Project delays: Labor rental firms ‘can help ease crisis’

Project delays: Labor rental firms ‘can help ease crisis’
Updated 02 February 2014

Project delays: Labor rental firms ‘can help ease crisis’

Project delays: Labor rental firms ‘can help ease crisis’

Several construction firm owners in the Kingdom, hit hard by labor shortage, are pushing for an increase in the number of labor recruitment firms to provide legal workers to expedite their projects.
Hundreds of thousands of foreign workers left the Kingdom during the amnesty period resulting in the suspension of construction activity in several projects.
The recruitment firms can also help boost the quality of the foreign work force, said industry experts.
Industry reports have stated that about 36 percent of construction projects had been delayed by labor crises following the crackdown against illegal workers.
There were 250,000 registered construction project contracts in the Kingdom before the first grace period to legalize expatriate workers ended on July 4 last year.
“We are waiting for labor recruitment firms to play a major role in importing expat construction workers to complete our projects which have been badly affected after the exit of thousands of our employees,” Abdul Aziz Masnour, a Saudi contractor, told Arab News.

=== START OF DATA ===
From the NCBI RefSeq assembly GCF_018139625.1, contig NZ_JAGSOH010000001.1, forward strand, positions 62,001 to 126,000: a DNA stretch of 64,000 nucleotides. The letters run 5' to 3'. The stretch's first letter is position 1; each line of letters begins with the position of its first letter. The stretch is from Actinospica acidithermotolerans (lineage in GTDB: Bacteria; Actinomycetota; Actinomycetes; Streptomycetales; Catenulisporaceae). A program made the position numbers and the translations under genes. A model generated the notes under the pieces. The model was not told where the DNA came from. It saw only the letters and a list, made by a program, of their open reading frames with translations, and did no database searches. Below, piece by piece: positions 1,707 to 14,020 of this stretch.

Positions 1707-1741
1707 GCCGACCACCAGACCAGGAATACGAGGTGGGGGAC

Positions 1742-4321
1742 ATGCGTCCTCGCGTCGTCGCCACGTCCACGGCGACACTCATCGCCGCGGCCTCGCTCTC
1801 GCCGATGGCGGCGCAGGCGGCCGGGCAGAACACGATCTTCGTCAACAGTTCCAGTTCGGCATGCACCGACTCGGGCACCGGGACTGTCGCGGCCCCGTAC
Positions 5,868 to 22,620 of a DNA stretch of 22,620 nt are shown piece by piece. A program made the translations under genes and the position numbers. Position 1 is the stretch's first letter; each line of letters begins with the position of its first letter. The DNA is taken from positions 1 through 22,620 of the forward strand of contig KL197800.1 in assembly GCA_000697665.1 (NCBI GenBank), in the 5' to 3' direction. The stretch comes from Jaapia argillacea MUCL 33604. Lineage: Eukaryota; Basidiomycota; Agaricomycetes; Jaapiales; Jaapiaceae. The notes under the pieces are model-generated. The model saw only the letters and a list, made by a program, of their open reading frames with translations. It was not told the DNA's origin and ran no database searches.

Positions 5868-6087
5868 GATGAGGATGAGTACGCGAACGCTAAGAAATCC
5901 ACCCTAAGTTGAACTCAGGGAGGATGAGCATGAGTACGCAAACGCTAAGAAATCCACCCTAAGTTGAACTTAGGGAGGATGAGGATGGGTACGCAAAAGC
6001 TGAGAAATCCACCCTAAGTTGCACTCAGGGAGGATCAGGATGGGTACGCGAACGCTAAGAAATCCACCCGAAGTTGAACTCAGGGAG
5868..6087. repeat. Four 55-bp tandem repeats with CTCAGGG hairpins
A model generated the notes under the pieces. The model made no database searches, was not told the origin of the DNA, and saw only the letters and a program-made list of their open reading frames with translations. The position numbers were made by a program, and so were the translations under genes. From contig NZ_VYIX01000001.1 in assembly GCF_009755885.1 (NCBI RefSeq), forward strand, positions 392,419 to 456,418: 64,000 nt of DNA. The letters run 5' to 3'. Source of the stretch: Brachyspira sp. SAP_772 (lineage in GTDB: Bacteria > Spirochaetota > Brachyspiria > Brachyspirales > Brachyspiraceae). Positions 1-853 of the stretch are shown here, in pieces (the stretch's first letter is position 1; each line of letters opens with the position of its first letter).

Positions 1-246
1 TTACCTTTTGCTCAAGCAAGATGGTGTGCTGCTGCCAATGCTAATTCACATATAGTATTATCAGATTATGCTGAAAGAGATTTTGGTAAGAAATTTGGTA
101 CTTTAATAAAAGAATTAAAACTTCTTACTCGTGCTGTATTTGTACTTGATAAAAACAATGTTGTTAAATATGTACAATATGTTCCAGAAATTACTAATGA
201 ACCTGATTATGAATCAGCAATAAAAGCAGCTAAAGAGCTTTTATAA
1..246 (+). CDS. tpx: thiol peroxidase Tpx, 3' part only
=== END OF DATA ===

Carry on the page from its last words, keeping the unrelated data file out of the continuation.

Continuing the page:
Speaking to Arab News, Abdullah Radwan, chairman of the contractors committee at the Jeddah Chamber of Commerce and Industry (JCCI), said: “We need time to activate the role of labor recruitment firms in the local market.
“These firms have started working in coordination with the Ministry of Labor which has started issuing visas for expat workers. However, labor recruitment firms need the expertise to train workers before they can close the gap between demand and supply.”
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Three recruitment companies have already started hiring out workers on short-term basis to construction companies.
Recruitment companies will supply workers for a year to construction companies and to other firms facing shortage of labor, industry experts said, adding that the move will provide some relief to the Saudi construction industry struggling with labor shortages.
The move is aimed at filling vacancies caused by the exit of thousands of expatriate construction workers over the past three months, the industry expert said.
Abdullah Radwan said last year that three recruitment firms that had been licensed to launch labor recruitment programs.
He said the program will provide workers on short-term (contracts) without having to transfer their sponsorships. Awad Al-Zahrani, a member of the recruitment committee at the JCCI, said a number of recruitment companies were preparing training programs for workers.